Ordinary Time: October 1st
Memorial St. Theresa of the Child Jesus, virgin
Other Titles: The Little Flower; Theresa; Teresa; Thérèse of the Child Jesus and the Holy Face; Thérèse of the Infant Jesus; Theresa Lisieux; Thérèse Lisieux
Today is the memorial of St. Thérèse of the Child Jesus and the Holy Face, more popularly known as "the Little Flower." Although just an obscure cloistered Carmelite nun, she has had universal appeal since her death in 1897. St. Thérèse is the patroness of all foreign missions and patroness of France. Her feast day was formerly October 3.
Before the reform of the Roman Calendar in 1969, this was the memorial of St. Remigius, bishop and confessor, who died in 533. He baptized King Clovis, bringing the Frankish nation to Christianity. He is one of the patrons of France. His feastday is no longer on the Universal Roman Calendar, but is celebrated locally where he is a patron.
Marie Thérèse Martin was born at Alencon, France on January 2, 1873, the youngest of five daughters. Her father, Louis, was a watchmaker, and her mother, Zelie, who died of breast cancer when Thérèse was four, was a lace maker. She was brought up in a model Christian home. While still a child she felt the attraction of the cloister, and at fifteen obtained permission to enter the Carmel of Lisieux. For the next nine years she lived a very ordinary religious life. There are no miracles, exploits or austerities recorded of her. She attained a very high degree of holiness by carrying out her ordinary daily duties with perfect fidelity, having a childlike confidence in God's providence and merciful love and being ready to be at the service of others at all times. She also had a great love of the Church and a zeal for the conversion of souls. She prayed especially for priests. She died of consumption on September 30, 1897, at the age of 24, and was canonized in 1925. She has never ceased to fulfill her promise: "I will pass my heaven in doing good on earth." Her interior life is known through her autobiography called Story of a Soul. Pope Saint John Paul II declared her a Doctor of the Church in 1997.
Patronage: florists; foreign missions; missionaries; pilots; against tuberculosis; AIDS sufferers; illness; loss of parents; Australia; France; Russia; Diocese of Fairbanks, Alaska; Diocese of Fresno, California; Diocese of Juneau, Alaska; Diocese of Pueblo, Colorado.
Symbols and Representation: roses; discalced Carmelite nun holding roses; Carmelite nun with roses at her feet; Carmelite nun holding images of the Child Jesus and Holy Face of Jesus; Carmelite nun holding a crucifix and roses; book.
Highlights and Things to Do:
- Find photographs of St. Thérèse and her family. Her sister Celine and cousin Marier Guerin had become interested in the art of photography, and when Celine entered the Carmelites with her sisters, she was given permission to bring her equipment and use it in the convent. A wonderful out-of-print book with all the photographs of this saint is called The Photo Album of St. Thérèse of Lisieux.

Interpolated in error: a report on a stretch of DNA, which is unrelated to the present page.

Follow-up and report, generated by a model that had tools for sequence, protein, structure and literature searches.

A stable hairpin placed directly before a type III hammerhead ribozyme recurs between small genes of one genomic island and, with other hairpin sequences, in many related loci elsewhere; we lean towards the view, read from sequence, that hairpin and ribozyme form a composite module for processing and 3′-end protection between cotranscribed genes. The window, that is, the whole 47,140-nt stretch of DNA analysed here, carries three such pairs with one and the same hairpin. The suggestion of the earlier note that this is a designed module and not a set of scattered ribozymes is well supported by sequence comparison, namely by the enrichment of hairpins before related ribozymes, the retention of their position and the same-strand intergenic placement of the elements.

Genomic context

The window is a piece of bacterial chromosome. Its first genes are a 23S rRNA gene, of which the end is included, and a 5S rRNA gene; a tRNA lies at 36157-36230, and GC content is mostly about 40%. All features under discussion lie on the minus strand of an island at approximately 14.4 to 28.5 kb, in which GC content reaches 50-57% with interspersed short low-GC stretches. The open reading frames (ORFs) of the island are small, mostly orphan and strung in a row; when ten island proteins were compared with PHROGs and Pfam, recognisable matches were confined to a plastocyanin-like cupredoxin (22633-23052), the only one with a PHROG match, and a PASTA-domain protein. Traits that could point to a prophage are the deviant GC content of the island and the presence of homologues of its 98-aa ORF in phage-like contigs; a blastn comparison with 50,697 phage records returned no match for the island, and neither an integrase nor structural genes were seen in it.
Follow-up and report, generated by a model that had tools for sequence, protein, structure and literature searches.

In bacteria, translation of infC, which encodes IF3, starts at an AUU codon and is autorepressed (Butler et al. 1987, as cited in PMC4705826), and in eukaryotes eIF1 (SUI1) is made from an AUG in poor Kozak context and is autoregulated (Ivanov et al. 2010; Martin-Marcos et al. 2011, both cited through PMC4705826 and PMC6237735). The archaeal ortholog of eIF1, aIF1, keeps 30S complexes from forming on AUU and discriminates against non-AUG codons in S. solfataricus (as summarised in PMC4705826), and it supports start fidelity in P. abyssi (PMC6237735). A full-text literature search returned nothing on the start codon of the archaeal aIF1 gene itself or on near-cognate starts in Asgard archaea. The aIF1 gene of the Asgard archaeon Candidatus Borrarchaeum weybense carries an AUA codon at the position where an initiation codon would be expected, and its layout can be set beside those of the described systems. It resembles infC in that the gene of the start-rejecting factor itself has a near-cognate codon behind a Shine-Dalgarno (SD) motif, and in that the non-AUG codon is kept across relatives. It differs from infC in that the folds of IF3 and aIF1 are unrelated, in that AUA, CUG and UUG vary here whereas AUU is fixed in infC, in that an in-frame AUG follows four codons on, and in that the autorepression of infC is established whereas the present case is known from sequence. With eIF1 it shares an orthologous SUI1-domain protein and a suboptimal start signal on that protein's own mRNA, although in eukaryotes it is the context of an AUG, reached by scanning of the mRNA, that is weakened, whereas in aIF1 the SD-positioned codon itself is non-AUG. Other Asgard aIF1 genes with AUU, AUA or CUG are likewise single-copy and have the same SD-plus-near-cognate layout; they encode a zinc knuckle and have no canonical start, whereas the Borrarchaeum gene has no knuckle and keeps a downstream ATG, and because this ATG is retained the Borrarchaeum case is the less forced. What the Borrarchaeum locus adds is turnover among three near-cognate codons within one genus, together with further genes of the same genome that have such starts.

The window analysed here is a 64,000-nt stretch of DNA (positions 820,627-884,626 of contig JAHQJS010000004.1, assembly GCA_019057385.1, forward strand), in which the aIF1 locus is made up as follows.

- Read St. Thérèse's autobiography The Story of a Soul: The Autobiography of St. Thérèse of Lisieux. The translation by John Clarke is considered the most accurate. Find biographies suitable for your children.
- The Institute of Carmelite Studies has a wonderful collection of writings by St. Thérèse and other books about her.
- Read more about her confidence in God, an excellent book is I Believe in Love: A Personal Retreat Based on the Teaching of St. Thérèse of Lisieux by Father Jean C. J. d'Elbee.
- St. Thérèse belonged to the Discalced order of Carmelites, which means unshod or barefoot. Find out more about the order of Carmelites.
- From the Catholic Culture Library:
- Pope Saint John Paul II from 1997, Divini Amoris Scientia (Apostolic Letter Proclaiming St. Thérèse of Lisieux a Doctor of the Church)
- Pope Saint John Paul II from 1997, Homily at Mass proclaiming Thérèse to be Doctor of the Church
- Apostolic Exhortation of Paul VI from 1975, On Christian Joy (Gaudete in Domino). He speaks of St. Thérèse:
In more recent times, St. Thérèse of Lisieux shows us the courageous way of abandonment into the hands of God to whom she entrusts her littleness. And yet it is not that she has no experience of the feeling of God's absence, a feeling which our century is harshly experiencing: "Sometimes it seems that the little bird (to which she compared herself) cannot believe that anything else exists except the clouds that envelop it.... This is the moment of perfect joy for the poor, weak little thing.... What happiness for it to remain there nevertheless, and to gaze at the invisible light that hides from its faith."
- Short Autobiography of St. Thérèse
- Thérèse of Lisieux — No Plaster Saint
- Saint Thérèse of Lisieux
- Learn about the Society of the Little Flower.
- There is the historic National Shrine of the Little Flower in Royal Oak, Michigan, a Basilica of the National Shrine of the Little Flower in San Antonio, Texas.
- Bake a cake or brownies and frost. Decorate with roses, either real, artificial, marzipan, icing, candy or other. Let your imagination go! See top bar for marzipan suggestions.
- Enjoy doing some rose crafts or recipes today. St. Thérèse's dying words were: "I will let fall a shower of roses after my death." Catholic Culture has some wonderful old-fashioned rose recipes.